Now a word to you Jamaicans heading or already home for Christmas (I am jealous but have fun all the same :)).  I know that when you get home it’s usually about checking family and friends, visiting the beach as much as possible, and party party party.  I know that we expats try our hardest to cram  A LOT of fun into short periods of time.  There’s absolutely nothing wrong with that.  But I believe that there has to be more to visiting home than shelling out money for this or that party or alcohol for a bottle party and there really is only so much fried fish and festival that you can eat in a short period of time.  This time and every other time you visit The Rock, I’m encouraging you to take a few hours, up to maybe half a day, to find a local charity or cause that needs some assistance. Start this Christmas….Merry Christmas, but…this year start a new tradition of bringing some joy and hope to someone else’s life.  Be what I call an 876 Vacation Volunteer: donate a bit of your vacation time and make a difference in your country (yes, I said your because very few expat Jamaicans that I know reject The Rock as home even if they’ve lived abroad for years).  There are three causes that I  wholeheartedly  suggest this Christmas:

  • iFED1: I learned about this from fellow tweeter @RachieVPA. This charity recruits volunteers to deliver meals to Jamaica’s homeless population on Christmas day.  I skyped with her about it and I’m assured that it’s well run and well meaning; what began as folks donating  a meal from their own Christmas dinner is now donations being cooked at a central location and meals being delivered across Kingston & St. Andrew and in sections of Spanish Town.  This year they would like to add Portmore to their target area.  In  2009 they fed 450 homeless Jamaicans.  Do I really need to say that Jamaica’s homeless are among the nation’s forgotten citizens? In my opinion this is a low key commitment that allows you to make a big impact.  Click here to register.  Also, check out & “like” iFed1’s facebook page.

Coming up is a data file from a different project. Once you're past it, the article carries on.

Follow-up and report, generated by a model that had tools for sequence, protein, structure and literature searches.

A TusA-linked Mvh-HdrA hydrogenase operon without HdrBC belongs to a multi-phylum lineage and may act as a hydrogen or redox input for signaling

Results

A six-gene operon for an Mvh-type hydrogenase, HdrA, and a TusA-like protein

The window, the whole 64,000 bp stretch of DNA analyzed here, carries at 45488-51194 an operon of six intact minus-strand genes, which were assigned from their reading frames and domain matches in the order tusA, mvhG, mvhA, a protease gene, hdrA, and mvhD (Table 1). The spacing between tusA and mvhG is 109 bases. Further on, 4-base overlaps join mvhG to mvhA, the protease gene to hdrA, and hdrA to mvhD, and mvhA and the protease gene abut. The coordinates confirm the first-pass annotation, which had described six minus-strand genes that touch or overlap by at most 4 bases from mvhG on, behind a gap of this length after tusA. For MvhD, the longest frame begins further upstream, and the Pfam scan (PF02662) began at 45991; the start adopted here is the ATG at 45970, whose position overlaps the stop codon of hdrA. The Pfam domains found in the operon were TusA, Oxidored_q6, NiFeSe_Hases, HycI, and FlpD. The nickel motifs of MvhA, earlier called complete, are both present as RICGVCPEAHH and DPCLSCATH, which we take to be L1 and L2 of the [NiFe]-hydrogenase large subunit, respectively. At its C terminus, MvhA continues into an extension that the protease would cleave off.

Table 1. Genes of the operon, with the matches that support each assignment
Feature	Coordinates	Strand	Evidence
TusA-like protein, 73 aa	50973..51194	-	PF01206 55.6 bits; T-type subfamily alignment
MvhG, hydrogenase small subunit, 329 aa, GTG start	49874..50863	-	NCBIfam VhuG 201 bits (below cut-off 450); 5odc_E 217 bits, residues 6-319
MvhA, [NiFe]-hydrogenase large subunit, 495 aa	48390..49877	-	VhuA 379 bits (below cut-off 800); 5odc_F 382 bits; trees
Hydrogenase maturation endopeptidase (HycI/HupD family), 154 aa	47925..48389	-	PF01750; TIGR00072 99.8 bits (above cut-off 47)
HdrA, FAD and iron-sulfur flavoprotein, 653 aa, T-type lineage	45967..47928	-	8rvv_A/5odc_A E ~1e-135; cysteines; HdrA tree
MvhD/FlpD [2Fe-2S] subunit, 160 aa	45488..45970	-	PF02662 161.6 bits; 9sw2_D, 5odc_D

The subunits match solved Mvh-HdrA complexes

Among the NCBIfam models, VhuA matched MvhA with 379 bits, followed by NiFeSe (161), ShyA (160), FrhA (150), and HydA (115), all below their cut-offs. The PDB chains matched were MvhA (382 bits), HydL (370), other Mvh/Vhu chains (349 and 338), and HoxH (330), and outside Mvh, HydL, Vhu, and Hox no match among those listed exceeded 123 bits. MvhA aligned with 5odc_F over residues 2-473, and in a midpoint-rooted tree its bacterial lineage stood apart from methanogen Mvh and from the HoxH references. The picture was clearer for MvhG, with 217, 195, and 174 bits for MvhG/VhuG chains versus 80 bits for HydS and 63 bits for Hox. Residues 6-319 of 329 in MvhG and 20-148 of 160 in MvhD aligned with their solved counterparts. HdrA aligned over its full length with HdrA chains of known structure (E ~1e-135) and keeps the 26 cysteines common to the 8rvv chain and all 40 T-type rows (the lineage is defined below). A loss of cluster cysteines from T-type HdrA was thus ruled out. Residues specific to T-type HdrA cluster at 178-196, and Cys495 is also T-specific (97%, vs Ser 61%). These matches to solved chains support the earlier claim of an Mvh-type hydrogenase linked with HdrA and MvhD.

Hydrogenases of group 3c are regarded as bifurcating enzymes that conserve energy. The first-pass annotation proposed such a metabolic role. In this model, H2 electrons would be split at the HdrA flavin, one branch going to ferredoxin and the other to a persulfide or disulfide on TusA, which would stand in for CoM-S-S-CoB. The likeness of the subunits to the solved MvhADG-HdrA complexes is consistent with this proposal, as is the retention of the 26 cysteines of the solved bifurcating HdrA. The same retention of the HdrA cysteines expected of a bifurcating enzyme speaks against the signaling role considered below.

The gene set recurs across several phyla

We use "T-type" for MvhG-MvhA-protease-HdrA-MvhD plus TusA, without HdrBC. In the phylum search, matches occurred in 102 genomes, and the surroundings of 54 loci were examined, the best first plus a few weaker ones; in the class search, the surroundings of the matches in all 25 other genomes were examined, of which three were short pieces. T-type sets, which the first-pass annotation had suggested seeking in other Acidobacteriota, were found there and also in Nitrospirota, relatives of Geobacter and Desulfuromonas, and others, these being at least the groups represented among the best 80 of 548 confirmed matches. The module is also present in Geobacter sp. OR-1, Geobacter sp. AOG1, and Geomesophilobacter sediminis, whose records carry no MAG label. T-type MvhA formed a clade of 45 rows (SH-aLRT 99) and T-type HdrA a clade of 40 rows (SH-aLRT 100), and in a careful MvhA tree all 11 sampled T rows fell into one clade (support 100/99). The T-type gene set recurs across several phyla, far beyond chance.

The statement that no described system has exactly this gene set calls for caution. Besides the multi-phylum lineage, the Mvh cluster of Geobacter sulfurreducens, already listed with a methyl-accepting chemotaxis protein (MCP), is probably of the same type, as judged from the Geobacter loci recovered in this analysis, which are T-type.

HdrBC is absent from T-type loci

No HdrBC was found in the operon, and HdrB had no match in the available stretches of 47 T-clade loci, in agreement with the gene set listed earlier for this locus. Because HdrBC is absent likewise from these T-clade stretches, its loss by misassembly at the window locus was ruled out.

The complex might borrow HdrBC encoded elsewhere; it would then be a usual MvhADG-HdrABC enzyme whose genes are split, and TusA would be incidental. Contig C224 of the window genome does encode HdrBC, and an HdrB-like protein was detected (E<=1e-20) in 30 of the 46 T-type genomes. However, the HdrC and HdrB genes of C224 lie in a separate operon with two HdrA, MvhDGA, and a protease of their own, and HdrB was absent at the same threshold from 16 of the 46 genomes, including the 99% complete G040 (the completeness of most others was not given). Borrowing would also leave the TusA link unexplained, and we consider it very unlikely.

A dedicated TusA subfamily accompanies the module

• Blood Donations: I can’t count the number of times that the National Blood Bank has appealed for blood donations; in my recollection they always seem to be running short.  Don’t wait until there’s an appeal or some disaster or – God forbid – a friend or family member needs a donation.  Here is a list of blood donation centers and some FAQs from the American Red Cross about blood donation (sorry couldn’t find any online from the Jamaica Red Cross).  Generally to donate blood one must
    • be in good health;
    • not have a communicable disease, or have traveled to certain areas of the world within a specified period of time or not have been otherwise exposed to certain diseases;
    • not have had a recent medical procedure;
    • not have had a tattoo within the last year; and
    • not given blood within the last 60 days

And even if you can’t give blood, it wouldn’t hurt to accompany friends and hold someone’s hand while they donate!

  • The JSPCA: Near and dear to the heart of my good friend @ayeshaalexis, the JSPCA I think would welcome volunteers.  Fill out the volunteer/membership form here.  Dogs may need walking, maybe the veterinarians and their assistants need help in the clinic, maybe a kennel or 2 needs to be cleaned.  They may also need help fundraising or you may be able to sponsor a dog for neutering (yes, I know that sounds painful but there are too many unwanted animals running around and it’s cruel). There are options for animal lovers who have dogs, those who do not, and those who are thinking about it…check them out